In the second of two sessions we will continue to consider to what extent such icons, in the form of sacred buildings and sites, clothing, public events etc, generate social imaginaries about different religions and their co-existence. The semiotic contribution of Peirce will be examined in relation to the attribution and generation of the ‘iconicity’ of religious objects. This will be followed by papers which investigate the geography, visibility and contestation of religious icons in diverse urban public spaces, and the discourses, representations and encounters they generate.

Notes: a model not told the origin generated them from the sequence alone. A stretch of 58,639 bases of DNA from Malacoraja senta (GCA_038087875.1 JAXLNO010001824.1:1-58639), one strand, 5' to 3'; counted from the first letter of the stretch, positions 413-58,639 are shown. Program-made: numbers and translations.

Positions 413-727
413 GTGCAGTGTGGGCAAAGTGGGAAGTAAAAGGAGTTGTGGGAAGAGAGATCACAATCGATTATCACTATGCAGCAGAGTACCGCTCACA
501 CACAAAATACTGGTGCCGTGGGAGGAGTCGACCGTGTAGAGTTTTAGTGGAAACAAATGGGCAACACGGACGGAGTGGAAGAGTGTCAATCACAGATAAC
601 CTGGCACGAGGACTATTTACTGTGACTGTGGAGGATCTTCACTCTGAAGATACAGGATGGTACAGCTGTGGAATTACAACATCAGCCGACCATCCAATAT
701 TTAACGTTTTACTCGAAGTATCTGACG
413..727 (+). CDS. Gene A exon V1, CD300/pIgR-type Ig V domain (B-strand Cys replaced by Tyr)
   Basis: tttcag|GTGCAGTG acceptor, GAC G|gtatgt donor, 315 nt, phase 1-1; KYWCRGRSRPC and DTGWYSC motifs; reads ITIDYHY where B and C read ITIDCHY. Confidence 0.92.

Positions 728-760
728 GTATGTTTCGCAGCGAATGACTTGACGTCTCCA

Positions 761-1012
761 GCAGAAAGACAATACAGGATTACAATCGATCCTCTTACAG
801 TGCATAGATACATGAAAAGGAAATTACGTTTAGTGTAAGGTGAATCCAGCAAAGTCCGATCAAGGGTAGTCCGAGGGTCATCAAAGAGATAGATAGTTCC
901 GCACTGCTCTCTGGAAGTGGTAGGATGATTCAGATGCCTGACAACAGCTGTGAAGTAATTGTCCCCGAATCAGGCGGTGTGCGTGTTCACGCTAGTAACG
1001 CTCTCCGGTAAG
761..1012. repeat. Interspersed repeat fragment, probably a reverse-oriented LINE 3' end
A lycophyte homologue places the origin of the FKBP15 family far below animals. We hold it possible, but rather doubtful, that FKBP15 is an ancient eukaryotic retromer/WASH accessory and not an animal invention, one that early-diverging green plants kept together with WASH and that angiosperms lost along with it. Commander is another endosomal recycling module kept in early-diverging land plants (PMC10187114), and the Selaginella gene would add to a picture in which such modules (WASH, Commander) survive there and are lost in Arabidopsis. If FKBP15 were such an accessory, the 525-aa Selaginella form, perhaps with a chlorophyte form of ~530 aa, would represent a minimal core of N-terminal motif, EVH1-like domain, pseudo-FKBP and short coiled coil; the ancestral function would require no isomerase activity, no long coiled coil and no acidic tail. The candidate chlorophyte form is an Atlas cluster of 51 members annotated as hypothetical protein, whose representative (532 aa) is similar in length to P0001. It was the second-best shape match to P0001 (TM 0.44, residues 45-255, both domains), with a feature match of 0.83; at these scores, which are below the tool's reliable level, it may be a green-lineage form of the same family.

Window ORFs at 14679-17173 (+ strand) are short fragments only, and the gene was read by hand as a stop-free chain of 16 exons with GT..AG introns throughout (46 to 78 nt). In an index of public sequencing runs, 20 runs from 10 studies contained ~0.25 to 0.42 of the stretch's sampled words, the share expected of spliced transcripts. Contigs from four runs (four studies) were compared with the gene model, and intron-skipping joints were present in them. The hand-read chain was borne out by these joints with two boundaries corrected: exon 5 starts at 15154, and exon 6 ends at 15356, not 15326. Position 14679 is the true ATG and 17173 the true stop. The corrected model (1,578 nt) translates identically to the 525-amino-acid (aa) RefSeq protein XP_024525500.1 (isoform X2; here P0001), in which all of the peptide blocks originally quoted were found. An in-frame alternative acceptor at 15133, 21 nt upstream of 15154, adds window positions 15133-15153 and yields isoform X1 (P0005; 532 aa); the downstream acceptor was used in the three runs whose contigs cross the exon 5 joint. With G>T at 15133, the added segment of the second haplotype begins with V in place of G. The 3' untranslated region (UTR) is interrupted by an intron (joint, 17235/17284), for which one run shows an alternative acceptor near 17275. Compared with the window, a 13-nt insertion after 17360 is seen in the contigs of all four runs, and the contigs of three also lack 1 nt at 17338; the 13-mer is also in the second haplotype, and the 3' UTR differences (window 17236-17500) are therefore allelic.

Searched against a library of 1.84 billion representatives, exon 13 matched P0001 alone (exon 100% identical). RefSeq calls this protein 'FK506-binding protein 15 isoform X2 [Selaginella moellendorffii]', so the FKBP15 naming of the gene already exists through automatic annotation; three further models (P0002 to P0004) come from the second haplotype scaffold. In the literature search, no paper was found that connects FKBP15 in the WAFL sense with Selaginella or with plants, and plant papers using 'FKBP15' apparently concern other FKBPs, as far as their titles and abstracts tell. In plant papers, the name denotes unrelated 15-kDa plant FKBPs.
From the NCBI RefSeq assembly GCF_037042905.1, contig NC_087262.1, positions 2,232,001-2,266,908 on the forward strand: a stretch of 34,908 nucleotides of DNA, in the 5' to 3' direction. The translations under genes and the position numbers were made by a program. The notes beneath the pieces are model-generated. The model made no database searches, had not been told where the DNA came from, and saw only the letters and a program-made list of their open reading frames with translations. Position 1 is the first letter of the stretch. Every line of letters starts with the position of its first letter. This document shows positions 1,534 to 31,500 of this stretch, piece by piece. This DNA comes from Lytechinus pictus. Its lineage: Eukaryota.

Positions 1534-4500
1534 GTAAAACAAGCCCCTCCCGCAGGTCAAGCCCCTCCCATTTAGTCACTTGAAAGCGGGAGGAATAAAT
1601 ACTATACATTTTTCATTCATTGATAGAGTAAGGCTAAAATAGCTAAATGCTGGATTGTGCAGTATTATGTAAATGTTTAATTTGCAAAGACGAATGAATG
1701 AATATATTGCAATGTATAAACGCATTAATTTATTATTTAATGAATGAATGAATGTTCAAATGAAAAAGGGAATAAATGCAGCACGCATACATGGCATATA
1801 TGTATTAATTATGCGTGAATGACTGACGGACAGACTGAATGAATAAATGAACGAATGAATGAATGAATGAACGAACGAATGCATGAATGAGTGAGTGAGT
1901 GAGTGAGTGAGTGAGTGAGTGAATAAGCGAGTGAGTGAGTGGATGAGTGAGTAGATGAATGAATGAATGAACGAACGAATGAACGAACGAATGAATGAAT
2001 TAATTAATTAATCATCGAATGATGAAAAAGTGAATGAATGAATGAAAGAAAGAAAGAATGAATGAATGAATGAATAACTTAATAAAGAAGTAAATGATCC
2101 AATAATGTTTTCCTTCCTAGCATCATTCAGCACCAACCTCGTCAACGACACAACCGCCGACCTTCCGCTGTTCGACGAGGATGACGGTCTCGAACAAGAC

Volkhard Krech (CERES): Iconic religion: Reflections on a monistic approach to religious phenomena
Hew Wai Weng: Sights and sites of inclusive Islam: Chinese-style mosques in urban Malaysia and Indonesia
Christopher Cotter: Seeing a secular space? Photo elicitation and the discourse on religion in Edinburgh’s Southside
Irene Stengs: The falling of an icon: The afterlife of the Anne Frank Tree, Amsterdam